At what point during the eviction process can I change the locks on the apartment doors?
After a drawn out eviction trial, there is no better feeling than winning your case and having a judgment granting you possession of your apartment. Sometimes the judgment will also include monetary awards, such as back rent or attorneys fees. But realistically, the most valuable part of the judgment is for the possession of the apartment. Your apartment is the important asset you want emptied of the old tenant as soon as possible, so that you can re-rent to a new tenant who can actually pay the rent.
Many landlords believe a judgment for possession means that they can immediately change the locks. This is incorrect and could subject a landlord to a costly wrongful eviction lawsuit by the soon to be ex-tenant. While the judgment means the court has ordered that possession be returned to the landlord, the landlord is not the one entitled to carry out the order. That role belongs to the San Francisco County Sheriff. In other words, the landlord is not actually entitled to possession of the rental unit, and by extension, change the locks, until after the sheriff has removed the tenant, or if the tenant voluntarily vacates prior to the eviction date.
The process for regaining possession and changing the locks to the apartment is as follows. After a landlord wins his unlawful detainer lawsuit and obtains a judgment for possession, she must file a Writ of Possession for Real Property with the court. This is usually done on the same day the judgment is granted. The writ is a document which actually orders the San Francisco County Sheriff to enforce the judges decision to physically remove the tenant from the apartment and return possession to the landlord. Once the writ has been filed with the Court, it is then brought to the Sheriff who schedules the actual eviction. It takes approximately 2-3 weeks from the delivery of the writ to the actual day the Sheriff comes to the property to remove the tenant. Part of the reason for this delay is because in San Francisco, the Sheriff only performs evictions on Wednesdays. The tenant is legally allowed to remain in the property during this time period.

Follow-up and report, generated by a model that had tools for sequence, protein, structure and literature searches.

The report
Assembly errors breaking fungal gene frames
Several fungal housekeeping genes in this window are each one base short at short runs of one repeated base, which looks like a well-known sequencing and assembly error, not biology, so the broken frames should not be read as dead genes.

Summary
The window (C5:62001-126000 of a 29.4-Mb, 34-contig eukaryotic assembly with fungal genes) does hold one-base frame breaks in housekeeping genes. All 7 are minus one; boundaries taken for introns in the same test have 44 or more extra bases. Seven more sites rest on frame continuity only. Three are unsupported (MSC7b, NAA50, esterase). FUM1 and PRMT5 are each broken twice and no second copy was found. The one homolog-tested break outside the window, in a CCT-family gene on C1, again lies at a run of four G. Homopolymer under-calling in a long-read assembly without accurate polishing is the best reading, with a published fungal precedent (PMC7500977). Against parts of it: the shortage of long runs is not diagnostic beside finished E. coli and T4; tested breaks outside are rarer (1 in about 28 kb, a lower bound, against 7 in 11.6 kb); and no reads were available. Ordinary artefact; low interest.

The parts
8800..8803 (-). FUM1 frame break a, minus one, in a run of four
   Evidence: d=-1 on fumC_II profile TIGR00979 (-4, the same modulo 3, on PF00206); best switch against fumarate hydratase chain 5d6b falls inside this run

The Sheriff will post a notice on the tenants door approximately five days before the actual eviction date, giving the tenant the opportunity to vacate voluntarily. If the tenant moves out of the apartment during these five days, and has surrendered the keys to landlord, it is usually safe to call the Sheriff to cancel the eviction, and change the locks. However, if the landlord isnt sure if the tenant has left, it is wiser to proceed with the actual Sheriffs eviction.
If the tenant has not vacated by the eviction date, the Sheriff returns and will physically remove the tenant from the apartment. It is strongly recommended that the landlord and a locksmith be present when the Sheriff arrives on the eviction date. After the sheriff has removed the tenant from the apartment, the landlord can change the locks without repercussion, as now possession of the Premises has been officially restored to the landlord.